India rejects "deeply biased" US report on international religious freedom

    The Hawk
    June28/ 2024
    Last Updated:

    The Ministry of External Affairs (MEA) of India has strongly rejected the 2023 US State Department report on international religious freedom, criticizing it for its "deeply biased" perspective and misunderstanding of India's complex social dynamics.

    Randhir Jaiswal

    New Delhi: India has categorically rejected the US State Department's 2023 report on international religious freedom as "deeply biased" and lacking understanding of India's social dynamics.
    The Ministry of External Affairs (MEA) condemned the report, accusing it of being driven by "votebank considerations" and maintaining a prescriptive outlook.
    "We have noted the release by the US State Department of its report on international religious Freedom for 2023. As in the past, the report is deeply biased, lacks an understanding of India's social fabric, and is visibly driven by votebank considerations and a prescriptive outlook. We therefore reject it," stated MEA official spokesperson Randhir Jaiswal on Friday, addressing a weekly briefing.
    Jaiswal further criticised the report for its "selective use of facts" and reliance on biased sources. "The excise itself is a mix of imputations, misrepresentations, selective usage of facts, reliance on biased sources, and a one-sided projection of issues," he added.
    He noted the report questions validity of Indian laws and regulations, including those aimed at monitoring financial flows and ensuring compliance, which India sees as essential for national security.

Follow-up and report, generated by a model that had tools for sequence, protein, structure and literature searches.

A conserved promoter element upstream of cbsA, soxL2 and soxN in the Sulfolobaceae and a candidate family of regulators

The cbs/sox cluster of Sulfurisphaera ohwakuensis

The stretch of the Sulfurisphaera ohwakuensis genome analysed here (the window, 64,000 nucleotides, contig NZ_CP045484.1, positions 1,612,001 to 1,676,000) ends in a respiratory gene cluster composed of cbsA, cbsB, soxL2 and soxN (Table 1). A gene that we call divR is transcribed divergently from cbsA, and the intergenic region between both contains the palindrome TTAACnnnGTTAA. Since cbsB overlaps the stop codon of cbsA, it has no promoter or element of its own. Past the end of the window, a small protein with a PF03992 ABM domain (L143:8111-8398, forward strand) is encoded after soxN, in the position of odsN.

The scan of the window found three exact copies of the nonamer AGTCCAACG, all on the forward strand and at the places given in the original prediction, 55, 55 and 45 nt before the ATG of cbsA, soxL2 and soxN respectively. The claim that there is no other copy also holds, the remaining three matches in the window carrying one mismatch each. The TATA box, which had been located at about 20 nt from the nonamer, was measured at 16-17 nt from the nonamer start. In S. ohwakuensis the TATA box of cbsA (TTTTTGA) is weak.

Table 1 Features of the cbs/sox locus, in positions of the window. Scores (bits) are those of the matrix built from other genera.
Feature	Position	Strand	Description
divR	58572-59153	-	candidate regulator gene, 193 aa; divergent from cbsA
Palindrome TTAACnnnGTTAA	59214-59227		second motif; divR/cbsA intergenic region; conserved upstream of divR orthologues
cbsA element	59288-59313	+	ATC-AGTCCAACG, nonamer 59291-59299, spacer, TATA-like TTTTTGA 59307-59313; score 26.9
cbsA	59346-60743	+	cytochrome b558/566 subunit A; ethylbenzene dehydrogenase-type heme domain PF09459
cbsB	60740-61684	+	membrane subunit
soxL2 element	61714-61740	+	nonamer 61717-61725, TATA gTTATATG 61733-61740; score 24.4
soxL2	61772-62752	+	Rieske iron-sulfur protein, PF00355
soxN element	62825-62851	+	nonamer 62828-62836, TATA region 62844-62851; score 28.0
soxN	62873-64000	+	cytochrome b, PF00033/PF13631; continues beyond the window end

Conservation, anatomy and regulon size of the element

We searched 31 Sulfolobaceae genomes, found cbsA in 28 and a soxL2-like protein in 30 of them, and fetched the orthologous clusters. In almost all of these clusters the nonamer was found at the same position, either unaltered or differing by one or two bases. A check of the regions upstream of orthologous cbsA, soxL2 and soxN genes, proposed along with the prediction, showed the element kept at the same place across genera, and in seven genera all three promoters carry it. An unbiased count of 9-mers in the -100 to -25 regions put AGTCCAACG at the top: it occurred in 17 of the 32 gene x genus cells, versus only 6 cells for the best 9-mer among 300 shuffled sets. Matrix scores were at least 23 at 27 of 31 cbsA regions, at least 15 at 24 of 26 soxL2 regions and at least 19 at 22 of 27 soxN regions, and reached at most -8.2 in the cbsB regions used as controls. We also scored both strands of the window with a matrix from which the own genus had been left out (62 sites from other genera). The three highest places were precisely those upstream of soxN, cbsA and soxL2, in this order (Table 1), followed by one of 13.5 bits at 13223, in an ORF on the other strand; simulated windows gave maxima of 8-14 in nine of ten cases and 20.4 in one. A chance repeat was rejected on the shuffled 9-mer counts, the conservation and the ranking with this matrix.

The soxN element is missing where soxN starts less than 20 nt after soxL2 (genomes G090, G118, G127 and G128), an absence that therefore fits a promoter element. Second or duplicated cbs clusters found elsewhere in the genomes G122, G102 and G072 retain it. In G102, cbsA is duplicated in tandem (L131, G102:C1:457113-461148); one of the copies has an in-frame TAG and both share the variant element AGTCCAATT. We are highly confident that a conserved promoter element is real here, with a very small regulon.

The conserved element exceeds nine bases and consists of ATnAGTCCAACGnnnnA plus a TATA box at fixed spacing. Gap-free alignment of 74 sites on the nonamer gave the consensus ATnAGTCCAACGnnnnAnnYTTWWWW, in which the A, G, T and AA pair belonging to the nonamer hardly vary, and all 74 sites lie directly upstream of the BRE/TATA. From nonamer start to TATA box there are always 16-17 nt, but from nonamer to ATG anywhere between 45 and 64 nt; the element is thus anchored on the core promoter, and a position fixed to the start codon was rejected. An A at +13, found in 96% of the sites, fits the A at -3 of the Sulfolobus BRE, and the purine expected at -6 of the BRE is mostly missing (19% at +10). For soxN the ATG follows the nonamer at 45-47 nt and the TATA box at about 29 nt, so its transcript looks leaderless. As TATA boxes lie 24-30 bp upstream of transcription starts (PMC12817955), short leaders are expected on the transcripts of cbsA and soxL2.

"This extends even to the depiction of our constitutional provisions and duly enacted laws of India. It has selectively picked incidents to advance a preconceived narrative as well. In some cases, the very validity of laws and regulations are questioned by the report, as are the right of legislatures to enact them. The report also appears to challenge the integrity of certain legal judgments given by Indian courts," Jaiswal added.

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    "The report has also targeted regulations that monitor the misuse of financial flows into India, suggesting that the burden of compliance is unreasonable. It seeks to question the need for such measures," he said.
    India also underscored that human rights and diversity remain subjects of legitimate discussion between the two nations. However, Jaiswal emphasised that such dialogue should not be misconstrued as a pretext for foreign interference in domestic affairs.
    "In 2023, India has officially taken up numerous cases in the US of hate crimes, racial attacks on Indian nationals and other minorities, vandalisation and targeting of places of worship, violence and mistreatment by law enforcement authorities, as well as according to political space to advocates of extremism and terrorism abroad," Jaiswal pointed out.
    The United States' yearly report on global religious freedom has expressed worries regarding India's anti-conversion laws, incidents of hate speech, and alleged demolitions of residences and religious sites belonging to minority communities.
    Releasing the 2023 Report on International Religious Freedom early this week, US Secretary of State Antony Blinken has said, "Today, governments around the world continue to target individuals, shutter places of worship, forcibly displace communities, and imprison people because of their religious beliefs."
    Talking about India, he added, "In India, we see a concerning increase in anti-conversion laws, hate speech, demolitions of homes and places of worship for members of minority faith communities."
    He noted that in the United States, there has been a significant increase in reports of hate crimes and other incidents specifically targeting Muslims and Jews.